USK follows a sustainable, robust, and battle-tested overcollateralized model. These characteristics are critical in order to achieve mass adoption as the go-to stablecoin in the Cosmos ecosystem.

USK’s codebase is written in Rust and is integrated into ORCA to grant users access to a seamless liquidation experience. The USK mechanism is intended to be sovereign, decentralized, censorship-resistant, and revenue-generating.

Users stake collateral to mint USK and users would burn USK to redeem their collateral. If the value of a user’s collateral were to fall too low, it would be liquidated. USK has also been integrated into ORCA to allow for the seamless execution of democratized liquidations that are publicly accessible to all users in equal conditions. Therefore, USK is minted by locking crypto assets on smart contracts. For instance, users can mint USK by depositing ATOM as collateral. In this situation, the ATOM lenders are also USK borrowers. This allows borrowers to go long on the assets they deposit as collateral while also freeing up liquidity to buy other tokens. This is known as a Collateral Debt Position.

USK borrowers have one of two eventual outcomes:

Given these parameters, if a default were to occur, the protocol would seize and liquidate the locked collateral (ATOM or any other supported collateral asset) to cover the underlying debt (USK). Before paying out the remaining collateral to the borrower, a penalty fee of 1% is charged against the debt along with a 0.5% withdrawal fee that will be distributed proportionally amongst KUJI stakes. Finally, the underlying USK minted from the original collateral is burned.

Mint USK: https://blue.kujira.app/mint


FINDER is a block explorer that facilitates the research process for on-chain transactions by providing visualizations and records for historical data. This is an essential piece of infrastructure that allows users to track addresses, follow transactions, verify information…

Unlike most block explorers, FINDER has a bookmark feature where users and developers can save addresses. Saved addresses correspond to cookies in the web browser. This means that, if the browser cookies are deleted and there is no backup, the list of bookmarks will have to be recreated.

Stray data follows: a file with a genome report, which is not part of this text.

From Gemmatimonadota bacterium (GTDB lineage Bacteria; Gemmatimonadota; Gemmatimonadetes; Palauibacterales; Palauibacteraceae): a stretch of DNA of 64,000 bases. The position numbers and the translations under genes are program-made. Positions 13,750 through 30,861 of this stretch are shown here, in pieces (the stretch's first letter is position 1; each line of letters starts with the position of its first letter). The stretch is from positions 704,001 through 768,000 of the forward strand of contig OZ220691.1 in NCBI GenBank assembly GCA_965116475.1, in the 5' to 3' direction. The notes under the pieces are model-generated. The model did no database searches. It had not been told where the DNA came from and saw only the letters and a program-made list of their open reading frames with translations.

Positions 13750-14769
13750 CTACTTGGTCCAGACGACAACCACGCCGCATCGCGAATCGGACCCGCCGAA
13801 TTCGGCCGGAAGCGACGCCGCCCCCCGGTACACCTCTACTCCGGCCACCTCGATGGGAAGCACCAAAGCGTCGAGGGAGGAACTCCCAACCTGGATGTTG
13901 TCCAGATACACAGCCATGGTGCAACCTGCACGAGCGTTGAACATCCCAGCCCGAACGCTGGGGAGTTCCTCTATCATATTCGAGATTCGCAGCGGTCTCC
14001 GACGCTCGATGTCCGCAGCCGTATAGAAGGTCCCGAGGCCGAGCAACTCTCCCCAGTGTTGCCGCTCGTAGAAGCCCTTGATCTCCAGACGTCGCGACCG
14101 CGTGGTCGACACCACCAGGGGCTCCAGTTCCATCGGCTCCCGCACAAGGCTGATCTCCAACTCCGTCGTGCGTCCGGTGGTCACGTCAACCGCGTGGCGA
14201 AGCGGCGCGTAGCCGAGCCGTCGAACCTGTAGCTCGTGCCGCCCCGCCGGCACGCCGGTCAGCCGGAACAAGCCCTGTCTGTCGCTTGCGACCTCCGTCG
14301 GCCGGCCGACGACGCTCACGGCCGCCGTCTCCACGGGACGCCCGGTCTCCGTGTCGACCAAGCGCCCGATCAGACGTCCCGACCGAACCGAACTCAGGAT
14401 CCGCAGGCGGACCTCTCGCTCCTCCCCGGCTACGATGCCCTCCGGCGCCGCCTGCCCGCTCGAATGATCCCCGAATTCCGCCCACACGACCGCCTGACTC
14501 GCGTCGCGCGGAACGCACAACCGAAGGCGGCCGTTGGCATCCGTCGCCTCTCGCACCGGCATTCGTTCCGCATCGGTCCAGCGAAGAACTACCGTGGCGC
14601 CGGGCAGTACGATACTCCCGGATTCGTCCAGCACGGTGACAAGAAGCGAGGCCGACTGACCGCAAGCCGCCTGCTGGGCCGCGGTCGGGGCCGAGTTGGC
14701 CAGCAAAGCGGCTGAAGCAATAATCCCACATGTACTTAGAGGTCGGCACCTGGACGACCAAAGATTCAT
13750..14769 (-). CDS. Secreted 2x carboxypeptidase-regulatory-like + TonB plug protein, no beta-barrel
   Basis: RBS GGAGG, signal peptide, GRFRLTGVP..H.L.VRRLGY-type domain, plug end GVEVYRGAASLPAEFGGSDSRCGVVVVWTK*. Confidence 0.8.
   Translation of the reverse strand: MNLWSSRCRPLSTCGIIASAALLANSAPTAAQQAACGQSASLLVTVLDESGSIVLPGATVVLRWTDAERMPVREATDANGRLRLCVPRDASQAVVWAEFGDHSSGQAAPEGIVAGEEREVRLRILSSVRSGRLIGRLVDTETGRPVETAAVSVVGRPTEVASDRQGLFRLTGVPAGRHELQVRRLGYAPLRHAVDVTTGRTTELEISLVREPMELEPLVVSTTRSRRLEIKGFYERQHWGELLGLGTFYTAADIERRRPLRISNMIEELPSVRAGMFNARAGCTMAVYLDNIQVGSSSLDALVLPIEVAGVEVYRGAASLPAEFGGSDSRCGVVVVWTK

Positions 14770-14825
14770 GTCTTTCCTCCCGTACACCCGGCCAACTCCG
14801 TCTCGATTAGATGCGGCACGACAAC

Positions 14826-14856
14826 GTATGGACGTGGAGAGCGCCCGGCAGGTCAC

Cookies are pieces of that data stored by the web browser to remember frequently used information, such as login credentials.

Access FINDER: https://finder.kujira.app/kaiyo-1/


SONAR is a custom wallet for the Cosmos ecosystem that is available on various desktop and mobile platforms. By creating a custom native wallet app, Kujira aims to provide its users with a seamless and intuitive user experience.

Sonar is more than just a customized wallet for sending tokens and submitting transactions to the Kujira blockchain. Instead, it is a payments platform for on-the-ground vendors, e-commerce merchants, and everyday users. It is integrated into the most relevant protocols on Kujira, with an emphasis on those focused on payments and commerce.


POD is a decentralized custom staking User Interface built for the Cosmos Network.

While it is common to assume that validators with larger delegations are better for delegating assets to, this can lead to security issues and undermine decentralization. For that reason, POD has designed a system that highlights validators with a disproportionate amount of voting power when compared to others. Validators with voting power equal or above the maximum threshold are highlighted in red, with a bar indicating their percentage of the overall voting power. Validators with medium voting power are highlighted in yellow, and validators with voting power below the threshold are colored in blue.

Kujira’s On-Chain price oracle

Blockchain oracles are third-party services that provide smart contracts with external information. Blockchains and smart contracts cannot access off-chain data outside their own network. However, most DeFi applications need to access information such as price feeds. This is where price oracles come into play. A blockchain oracle is not the data source itself, but rather the layer that queries, verifies, and relays that information on-chain

Kujira’s price oracle receives updates from all 75 active validators as part of the chain’s consensus mechanism. The prices are measured by at least 3 different sources of information to guarantee their reliability, stability, and performance over long periods of time. Ecosystem protocol developers also have direct access for querying the oracle on-chain, which gives them a solid edge over the developer experience of other blockchains.